Thursday, July 20, 2017

Center It! (or, Why a Good Illustration Doesn't Automatically Make a Good Book Cover, pt.1)

By Lauren Panepinto
  
I look at a lot of portfolios, and in almost every review, the artist asks me whether their work is suitable for book covers. Sometimes a gorgeous portfolio just doesn't have the "book cover feel" I need to commission them. There's a lot of reasons why a good illustration may not be a good book cover. Remember most of all, a book cover is advertising first, art second. As painful as that simple fact may be to us on the artist side of the spectrum, that fact is undeniable: An "ugly" book cover that is a bestseller is more successful than a "beautiful" one that sells half as many copies. Now of course, those are subjective values, and I'm exaggerating. As an Art Director, one of the main responsibilities I have is to balance the Artist's priority (make a gorgeous portfolio piece) with the Author/Editor's priority (sell books), and that can lead to choices that make business sense but not aesthetic sense (ex: making the type bigger and as a result covering more of the art).

Remember, there are creatives on both sides of this equation. Artists on one, and Authors on the other. And I want to do my best job for both. After all, more books sold means more paying work for both the author and the artist. (And, bonus, it keeps your Art Director employed.)

In most bookstores, you're lucky if you get a cover-out spot, instead of just a spine-out.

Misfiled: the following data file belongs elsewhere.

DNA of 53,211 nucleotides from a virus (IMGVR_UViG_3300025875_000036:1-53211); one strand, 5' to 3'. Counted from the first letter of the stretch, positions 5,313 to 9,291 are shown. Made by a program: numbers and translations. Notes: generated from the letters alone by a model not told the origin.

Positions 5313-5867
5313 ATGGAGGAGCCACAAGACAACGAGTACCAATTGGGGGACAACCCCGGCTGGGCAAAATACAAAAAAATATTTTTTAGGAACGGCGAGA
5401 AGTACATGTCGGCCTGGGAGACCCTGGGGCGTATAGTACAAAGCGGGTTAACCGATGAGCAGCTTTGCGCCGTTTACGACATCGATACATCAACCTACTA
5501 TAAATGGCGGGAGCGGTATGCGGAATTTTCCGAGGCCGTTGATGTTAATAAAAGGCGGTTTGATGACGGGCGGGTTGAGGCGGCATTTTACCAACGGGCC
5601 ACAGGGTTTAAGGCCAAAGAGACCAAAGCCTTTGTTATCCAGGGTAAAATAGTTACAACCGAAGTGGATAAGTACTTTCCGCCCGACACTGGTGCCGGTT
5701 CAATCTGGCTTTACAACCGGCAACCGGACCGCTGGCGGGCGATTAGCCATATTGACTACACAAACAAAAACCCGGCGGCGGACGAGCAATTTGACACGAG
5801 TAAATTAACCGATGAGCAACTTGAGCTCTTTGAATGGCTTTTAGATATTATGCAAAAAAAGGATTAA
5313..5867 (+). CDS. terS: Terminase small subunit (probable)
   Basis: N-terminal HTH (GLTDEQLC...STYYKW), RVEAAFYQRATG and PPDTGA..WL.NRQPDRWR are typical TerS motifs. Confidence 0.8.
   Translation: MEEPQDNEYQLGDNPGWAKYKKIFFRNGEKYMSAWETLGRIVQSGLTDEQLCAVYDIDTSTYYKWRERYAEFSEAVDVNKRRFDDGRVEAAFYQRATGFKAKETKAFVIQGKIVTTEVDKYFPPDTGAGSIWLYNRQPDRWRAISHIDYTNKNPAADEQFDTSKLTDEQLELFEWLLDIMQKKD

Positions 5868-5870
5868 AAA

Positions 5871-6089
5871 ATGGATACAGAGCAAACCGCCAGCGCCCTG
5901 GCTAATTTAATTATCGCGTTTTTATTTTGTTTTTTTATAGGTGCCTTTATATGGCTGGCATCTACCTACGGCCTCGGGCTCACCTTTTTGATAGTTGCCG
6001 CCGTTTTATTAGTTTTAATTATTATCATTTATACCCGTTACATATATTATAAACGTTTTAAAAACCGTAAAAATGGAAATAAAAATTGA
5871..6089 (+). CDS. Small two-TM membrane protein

Anyway back to the point. A cover sells the book in a way that concept art, interior illustrations, and gaming art really doesn't have to. A good book cover needs to be eye-catching more than it needs to be beautiful, because book covers exist in a highly competitive and overwhelming visual market. A viewer of a table or bookshelf at a bookstore only has half a second tops to scan past a cover, and it's even less on websites.

So what do I look for? (given that skill level is suitable)
—Simple compositions, usually with the Important Thing in the center
Visual Hierarchy, with a strong focal point
—Control of the viewer's eye path thru secondary focal points
—Strong silhouettes and graphic use of negative space (because that reads really well small)

Extra Credit: Depicting common genre checkpoints in a fresh way

Covers need to be visually interesting in thumbnail size too. You don't necessarily need to be able to see exactly what's going on, but your eye is drawn to strong colors, shapes, and silhouettes at this scale.

I think I can probably do a post on each one. I probably should. I already did one on Visual Hierarchy. So let's pick off an easy one, something that I see mishandled in a lot of student and young professional's portfolios: Simple, centered compositions.

Now I'm not talking about compositions that are off-center for a definite compositional reason. Again, if you've nailed the visual hierarchy and eye flow path, then you don't need to center the composition. I'm talking about the off-center for no reason compositions. The ones where, if I ask why the character wasn't centered, I get a shrug at best. At worst, I've heard fresh grads state their teachers told them never to center a character or composition because it was too simple. So I end up seeing a lot of illustrations that just look...mis-cropped. They're not off-center enough to look deliberate. They're just...slightly enough off-center to look like a mistake.